At the NFL Scouting Combine in Indianapolis last week, the league introduced its new Player Assessment Test, designed by Cyrus Mehri of the Fritz-Pollard Alliance, which promotes diversity and equality of job opportunity in the coaching, front office and scouting staffs of NFL teams.
The new assessment test has been designed to measure attributes outside of players' physical capabilities. Traditionally, non-physical characteristics have been given the short shrift. Rather, the focus has been placed on who is the fastest and the strongest.
This new test measures learning styles, motivation, decision-making skills, response to pressure and unexpected stimuli, and core intellect. For example, it analyzes facial characteristics, which are one of the instinctual responses to stressful situations.
One critique of the NFL's Wonderlic test was that it focused too highly on "book smarts." The new Player Assessment Test levels the playing field for people who have different learning styles. For instance, some people learn better through demonstration, while others excel from reading a playbook.
The NFL informed owners that this new assessment tool is intended to be a supplement to existing measurements done at the NFL Combines, rather than as a replacement for the Wonderlic test, which was developed by Dallas Cowboys' Hall of Fame coach Tom Landry in the 1970s.
The new Player Assessment Test helps clubs assess their incoming players in three key areas: Self-motivation, football intelligence and mental toughness. Although psychological assessments do not typically draw the attention of highlight reel events, such as the 40-yard dash or the bench press, they can play a vital role in the selection of prospects.
At 6'5" and 290 pounds, J.J. Watt of the Houston Texans undoubtedly is an imposing physical specimen. Equally important are the non-physical characteristics of the former Wisconsin standout that were charted at the 2011 combine: "A hard-working, intelligent, relentless player...Watt will give you everything he's got and is certainly a first-round selection." Talk about an assessment that was on the mark!
Drive and relentlessness are characteristics that separate players like Hall of Famer Jack Lambert of the Pittsburgh Steelers from their contemporaries, who may have been equally as fast and strong.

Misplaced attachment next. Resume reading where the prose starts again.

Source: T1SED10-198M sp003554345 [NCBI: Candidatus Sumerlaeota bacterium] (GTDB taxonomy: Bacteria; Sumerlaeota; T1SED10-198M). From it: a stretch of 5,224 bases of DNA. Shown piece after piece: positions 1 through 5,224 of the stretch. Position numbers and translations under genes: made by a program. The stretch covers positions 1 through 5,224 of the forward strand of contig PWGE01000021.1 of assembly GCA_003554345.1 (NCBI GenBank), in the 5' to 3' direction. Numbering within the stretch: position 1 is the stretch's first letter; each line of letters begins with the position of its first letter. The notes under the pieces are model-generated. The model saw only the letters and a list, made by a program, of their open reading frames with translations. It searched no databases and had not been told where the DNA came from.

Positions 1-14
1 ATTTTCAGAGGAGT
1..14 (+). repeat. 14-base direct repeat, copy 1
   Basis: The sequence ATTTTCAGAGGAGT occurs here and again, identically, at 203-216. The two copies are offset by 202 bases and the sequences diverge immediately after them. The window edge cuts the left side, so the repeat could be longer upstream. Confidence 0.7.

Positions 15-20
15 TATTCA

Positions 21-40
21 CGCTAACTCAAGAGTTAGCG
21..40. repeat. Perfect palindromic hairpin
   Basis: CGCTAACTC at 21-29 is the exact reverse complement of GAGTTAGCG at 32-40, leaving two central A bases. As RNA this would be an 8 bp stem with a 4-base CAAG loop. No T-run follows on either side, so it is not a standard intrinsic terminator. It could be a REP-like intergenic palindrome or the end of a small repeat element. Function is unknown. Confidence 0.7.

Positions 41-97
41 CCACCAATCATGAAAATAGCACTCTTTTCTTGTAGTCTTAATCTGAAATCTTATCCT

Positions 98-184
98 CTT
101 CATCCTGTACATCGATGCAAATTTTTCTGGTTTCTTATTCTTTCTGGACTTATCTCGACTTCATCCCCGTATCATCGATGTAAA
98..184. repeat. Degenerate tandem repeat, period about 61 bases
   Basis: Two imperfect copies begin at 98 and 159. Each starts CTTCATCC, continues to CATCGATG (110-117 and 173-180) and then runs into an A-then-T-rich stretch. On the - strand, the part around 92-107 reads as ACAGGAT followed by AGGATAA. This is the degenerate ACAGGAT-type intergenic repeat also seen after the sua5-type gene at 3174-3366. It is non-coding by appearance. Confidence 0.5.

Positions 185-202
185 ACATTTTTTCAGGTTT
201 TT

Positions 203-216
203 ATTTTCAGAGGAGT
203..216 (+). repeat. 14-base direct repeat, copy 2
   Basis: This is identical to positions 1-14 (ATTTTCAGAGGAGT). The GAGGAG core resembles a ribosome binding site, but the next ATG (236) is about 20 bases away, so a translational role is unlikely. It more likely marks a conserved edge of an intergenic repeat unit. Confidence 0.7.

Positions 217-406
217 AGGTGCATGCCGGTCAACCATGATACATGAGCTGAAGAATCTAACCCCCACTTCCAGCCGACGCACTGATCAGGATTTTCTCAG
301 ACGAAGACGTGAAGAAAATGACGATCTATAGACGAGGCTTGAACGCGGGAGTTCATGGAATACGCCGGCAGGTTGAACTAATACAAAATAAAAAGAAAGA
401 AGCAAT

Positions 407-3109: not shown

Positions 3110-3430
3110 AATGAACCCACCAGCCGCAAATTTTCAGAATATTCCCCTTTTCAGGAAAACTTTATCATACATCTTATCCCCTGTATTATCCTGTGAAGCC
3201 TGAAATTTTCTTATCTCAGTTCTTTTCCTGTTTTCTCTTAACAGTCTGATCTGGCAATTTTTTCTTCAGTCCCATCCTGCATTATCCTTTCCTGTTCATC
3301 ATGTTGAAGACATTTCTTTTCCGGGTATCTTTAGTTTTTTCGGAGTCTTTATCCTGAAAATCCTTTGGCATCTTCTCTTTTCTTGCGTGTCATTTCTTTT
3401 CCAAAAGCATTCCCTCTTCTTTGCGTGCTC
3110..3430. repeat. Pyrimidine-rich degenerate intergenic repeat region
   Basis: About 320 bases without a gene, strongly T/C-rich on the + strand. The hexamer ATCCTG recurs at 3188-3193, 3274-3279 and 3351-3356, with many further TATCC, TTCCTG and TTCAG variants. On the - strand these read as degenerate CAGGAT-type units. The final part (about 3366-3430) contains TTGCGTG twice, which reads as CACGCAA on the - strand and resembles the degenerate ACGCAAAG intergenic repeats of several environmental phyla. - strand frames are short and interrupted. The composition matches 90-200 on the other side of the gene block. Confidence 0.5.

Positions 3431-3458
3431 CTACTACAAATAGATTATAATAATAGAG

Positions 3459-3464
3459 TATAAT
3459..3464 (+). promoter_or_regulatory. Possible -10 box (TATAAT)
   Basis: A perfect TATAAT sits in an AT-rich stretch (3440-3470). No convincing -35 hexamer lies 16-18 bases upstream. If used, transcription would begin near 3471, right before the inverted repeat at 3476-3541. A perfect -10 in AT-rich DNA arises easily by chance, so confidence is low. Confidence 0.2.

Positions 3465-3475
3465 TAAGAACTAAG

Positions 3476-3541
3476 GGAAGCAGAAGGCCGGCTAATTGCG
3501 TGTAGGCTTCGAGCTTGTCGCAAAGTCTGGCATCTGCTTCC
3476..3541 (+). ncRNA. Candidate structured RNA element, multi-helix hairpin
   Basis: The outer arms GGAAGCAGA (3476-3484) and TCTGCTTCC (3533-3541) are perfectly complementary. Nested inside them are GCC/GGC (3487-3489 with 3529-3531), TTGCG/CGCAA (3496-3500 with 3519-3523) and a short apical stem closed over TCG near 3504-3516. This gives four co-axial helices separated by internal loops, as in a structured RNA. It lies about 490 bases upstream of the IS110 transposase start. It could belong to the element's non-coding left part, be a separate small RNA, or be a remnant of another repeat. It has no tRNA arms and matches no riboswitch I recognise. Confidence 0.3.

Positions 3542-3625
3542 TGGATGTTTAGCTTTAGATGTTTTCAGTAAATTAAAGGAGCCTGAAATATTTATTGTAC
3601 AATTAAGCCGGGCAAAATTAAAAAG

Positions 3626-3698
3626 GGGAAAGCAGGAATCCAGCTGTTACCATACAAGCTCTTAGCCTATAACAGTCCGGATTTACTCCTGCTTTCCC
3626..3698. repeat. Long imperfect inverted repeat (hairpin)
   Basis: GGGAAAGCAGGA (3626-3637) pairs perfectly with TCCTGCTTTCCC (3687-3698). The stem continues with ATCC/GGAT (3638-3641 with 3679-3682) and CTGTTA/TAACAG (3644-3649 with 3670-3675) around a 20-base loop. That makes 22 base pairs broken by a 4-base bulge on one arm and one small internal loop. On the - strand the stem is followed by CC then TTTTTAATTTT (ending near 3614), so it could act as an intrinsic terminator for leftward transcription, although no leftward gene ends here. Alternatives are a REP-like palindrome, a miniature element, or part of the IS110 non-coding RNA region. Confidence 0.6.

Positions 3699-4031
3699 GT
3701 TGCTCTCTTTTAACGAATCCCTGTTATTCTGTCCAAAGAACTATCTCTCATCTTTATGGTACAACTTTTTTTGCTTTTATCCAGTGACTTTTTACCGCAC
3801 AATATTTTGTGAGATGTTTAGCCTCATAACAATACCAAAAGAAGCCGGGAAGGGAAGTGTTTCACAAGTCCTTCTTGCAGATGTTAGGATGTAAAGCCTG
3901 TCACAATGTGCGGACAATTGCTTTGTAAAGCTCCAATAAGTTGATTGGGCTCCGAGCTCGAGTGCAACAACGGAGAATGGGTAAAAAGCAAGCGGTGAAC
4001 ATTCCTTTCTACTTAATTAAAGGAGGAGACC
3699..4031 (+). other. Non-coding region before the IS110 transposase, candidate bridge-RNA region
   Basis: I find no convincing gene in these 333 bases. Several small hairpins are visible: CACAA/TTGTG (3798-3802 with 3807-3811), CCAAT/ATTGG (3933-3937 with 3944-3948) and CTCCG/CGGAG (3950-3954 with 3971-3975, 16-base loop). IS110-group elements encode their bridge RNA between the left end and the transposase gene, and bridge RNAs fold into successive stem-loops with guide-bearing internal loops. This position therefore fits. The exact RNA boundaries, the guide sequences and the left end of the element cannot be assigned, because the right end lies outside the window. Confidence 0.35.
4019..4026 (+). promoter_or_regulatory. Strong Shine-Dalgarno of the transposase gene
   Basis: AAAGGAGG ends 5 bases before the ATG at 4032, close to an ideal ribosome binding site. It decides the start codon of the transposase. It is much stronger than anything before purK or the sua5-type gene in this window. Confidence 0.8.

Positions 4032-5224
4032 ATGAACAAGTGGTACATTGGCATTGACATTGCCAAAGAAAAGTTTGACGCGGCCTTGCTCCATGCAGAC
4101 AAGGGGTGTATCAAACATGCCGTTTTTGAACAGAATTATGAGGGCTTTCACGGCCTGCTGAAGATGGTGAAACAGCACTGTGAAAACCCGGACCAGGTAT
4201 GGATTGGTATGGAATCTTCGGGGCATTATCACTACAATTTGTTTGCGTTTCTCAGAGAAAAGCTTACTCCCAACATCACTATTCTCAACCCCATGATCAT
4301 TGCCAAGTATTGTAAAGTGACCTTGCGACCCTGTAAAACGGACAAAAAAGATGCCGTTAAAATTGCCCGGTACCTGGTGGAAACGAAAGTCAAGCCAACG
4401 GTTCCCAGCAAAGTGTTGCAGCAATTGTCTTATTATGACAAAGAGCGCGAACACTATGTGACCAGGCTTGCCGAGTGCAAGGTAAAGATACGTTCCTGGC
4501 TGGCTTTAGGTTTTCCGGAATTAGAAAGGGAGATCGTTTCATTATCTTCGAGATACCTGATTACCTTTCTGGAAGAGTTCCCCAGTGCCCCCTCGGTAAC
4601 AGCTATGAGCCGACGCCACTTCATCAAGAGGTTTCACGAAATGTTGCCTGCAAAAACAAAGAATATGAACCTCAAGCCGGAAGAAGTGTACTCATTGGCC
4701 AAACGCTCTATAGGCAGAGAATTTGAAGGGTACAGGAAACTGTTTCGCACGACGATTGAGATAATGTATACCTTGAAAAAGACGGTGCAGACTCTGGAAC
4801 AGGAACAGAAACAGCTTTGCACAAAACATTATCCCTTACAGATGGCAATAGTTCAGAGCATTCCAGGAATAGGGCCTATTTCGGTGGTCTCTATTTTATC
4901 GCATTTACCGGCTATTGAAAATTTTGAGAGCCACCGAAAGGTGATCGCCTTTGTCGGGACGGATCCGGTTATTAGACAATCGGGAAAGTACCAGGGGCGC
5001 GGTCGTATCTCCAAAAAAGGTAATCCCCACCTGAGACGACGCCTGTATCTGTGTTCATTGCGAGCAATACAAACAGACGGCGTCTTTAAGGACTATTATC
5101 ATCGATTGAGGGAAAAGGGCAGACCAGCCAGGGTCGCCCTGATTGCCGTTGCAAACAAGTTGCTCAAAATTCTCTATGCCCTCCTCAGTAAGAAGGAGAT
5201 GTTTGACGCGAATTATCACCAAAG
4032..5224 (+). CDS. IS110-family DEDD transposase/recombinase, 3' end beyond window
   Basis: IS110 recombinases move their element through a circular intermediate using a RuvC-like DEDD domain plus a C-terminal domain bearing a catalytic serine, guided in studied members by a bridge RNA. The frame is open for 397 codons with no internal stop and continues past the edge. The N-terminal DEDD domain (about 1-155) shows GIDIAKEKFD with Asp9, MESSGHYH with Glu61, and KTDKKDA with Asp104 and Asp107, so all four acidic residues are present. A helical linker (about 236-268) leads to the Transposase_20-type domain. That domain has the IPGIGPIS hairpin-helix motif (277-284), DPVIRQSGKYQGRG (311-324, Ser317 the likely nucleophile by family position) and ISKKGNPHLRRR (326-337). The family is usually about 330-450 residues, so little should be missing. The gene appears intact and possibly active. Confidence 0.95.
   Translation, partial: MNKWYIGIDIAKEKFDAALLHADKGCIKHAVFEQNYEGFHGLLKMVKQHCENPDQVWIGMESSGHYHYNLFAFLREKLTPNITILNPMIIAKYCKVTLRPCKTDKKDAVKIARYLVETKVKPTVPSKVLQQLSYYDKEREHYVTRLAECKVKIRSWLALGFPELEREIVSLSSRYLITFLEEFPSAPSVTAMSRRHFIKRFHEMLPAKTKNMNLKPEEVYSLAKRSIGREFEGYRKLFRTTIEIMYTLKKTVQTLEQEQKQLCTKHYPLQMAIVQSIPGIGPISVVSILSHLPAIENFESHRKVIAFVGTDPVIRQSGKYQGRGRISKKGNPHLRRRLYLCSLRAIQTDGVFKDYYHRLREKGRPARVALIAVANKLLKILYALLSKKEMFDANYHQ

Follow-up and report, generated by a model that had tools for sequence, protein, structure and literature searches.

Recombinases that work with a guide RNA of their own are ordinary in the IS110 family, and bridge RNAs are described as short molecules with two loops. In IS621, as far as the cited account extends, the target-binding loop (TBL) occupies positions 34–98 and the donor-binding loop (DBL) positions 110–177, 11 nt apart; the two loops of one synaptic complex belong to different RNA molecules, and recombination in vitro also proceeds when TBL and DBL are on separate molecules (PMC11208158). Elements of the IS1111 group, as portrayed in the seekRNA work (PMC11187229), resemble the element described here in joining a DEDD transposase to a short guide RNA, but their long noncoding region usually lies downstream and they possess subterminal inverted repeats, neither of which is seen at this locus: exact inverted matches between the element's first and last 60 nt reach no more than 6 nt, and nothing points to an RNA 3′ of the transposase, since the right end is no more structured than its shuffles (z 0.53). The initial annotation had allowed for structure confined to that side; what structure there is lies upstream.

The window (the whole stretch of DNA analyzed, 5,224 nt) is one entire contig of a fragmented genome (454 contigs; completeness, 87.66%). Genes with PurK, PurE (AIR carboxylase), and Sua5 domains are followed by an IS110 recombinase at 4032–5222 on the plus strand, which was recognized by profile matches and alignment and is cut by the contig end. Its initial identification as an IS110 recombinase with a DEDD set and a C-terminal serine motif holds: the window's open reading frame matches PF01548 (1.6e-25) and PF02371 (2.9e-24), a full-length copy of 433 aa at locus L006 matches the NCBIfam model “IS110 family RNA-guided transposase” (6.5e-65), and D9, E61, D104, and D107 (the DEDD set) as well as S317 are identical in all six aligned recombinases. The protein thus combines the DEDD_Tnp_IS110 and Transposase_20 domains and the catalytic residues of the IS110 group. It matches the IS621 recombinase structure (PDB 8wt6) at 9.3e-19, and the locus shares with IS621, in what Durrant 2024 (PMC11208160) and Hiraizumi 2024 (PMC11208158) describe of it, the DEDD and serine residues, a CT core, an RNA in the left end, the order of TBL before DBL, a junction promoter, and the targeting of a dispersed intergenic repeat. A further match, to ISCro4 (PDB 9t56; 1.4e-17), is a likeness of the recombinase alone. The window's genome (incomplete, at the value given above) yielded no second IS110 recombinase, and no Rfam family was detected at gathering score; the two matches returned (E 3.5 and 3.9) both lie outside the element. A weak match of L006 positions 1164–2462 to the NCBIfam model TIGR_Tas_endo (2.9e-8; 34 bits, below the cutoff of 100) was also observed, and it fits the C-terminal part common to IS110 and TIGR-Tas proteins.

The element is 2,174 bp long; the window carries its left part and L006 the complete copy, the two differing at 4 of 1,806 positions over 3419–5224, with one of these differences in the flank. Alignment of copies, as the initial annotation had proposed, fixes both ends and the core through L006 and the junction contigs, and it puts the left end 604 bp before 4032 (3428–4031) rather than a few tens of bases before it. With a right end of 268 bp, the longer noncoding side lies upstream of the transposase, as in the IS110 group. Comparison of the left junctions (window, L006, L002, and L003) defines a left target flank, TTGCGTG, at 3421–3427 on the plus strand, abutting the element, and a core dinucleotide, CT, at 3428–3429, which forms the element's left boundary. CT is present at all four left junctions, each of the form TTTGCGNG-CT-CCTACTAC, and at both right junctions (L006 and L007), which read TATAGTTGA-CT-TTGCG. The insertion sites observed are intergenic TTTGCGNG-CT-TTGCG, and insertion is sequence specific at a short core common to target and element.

The new 60-minute assessment will help coaches better understand the behavioral makeup on individuals, how they would perform on the field and how to deal with them off the field. During the development process, Mehri interviewed six general managers to identify the key qualities, such as drive, mental toughness and response to adversity—all traits that make up a good football player.
Coaches and general managers can use this assessment tool to determine the likelihood that the prospect will fit into the system a team currently has in place. This test aims to give clubs a better understanding of an individuals’ behavioral makeup and coachability, and will define if a personality fits into team chemistry and the direction the franchise is pursuing.
As organizations place high emphasis on drafting well and building from within, more focus will be shifted towards assessments that have an impact on the future direction of the team. Franchises such as the Indianapolis Colts, Washington Redskins and Seattle Seahawks have reversed their fortunes primarily on their successful NFL drafts. Making accurate assessments of draft choices is critical to sustained success in the National Football League.
Jed Hughes is Vice Chair of Korn/Ferry and the leader of the executive search firm's Global Sports Practice. Among his high profile placements are New York Jets GM John Idzik, Pac-12 Commissioner Larry Scott, Big 12 Commissioner Bob Bowlsby, Green Bay Packers CEO Mark Murphy, New York Jets President Neil Glat and Michigan head coach Brady Hoke. Earlier in his career, Jed coached for two decades in professional and intercollegiate football where he served under five Hall of Fame coaches: Bo Schembechler (Michigan), Chuck Noll (Pittsburgh Steelers), Bud Grant (Minnesota Vikings), John Ralston (Stanford) and Terry Donahue (UCLA). Follow him on Facebook, Twitter @jedhughesKF.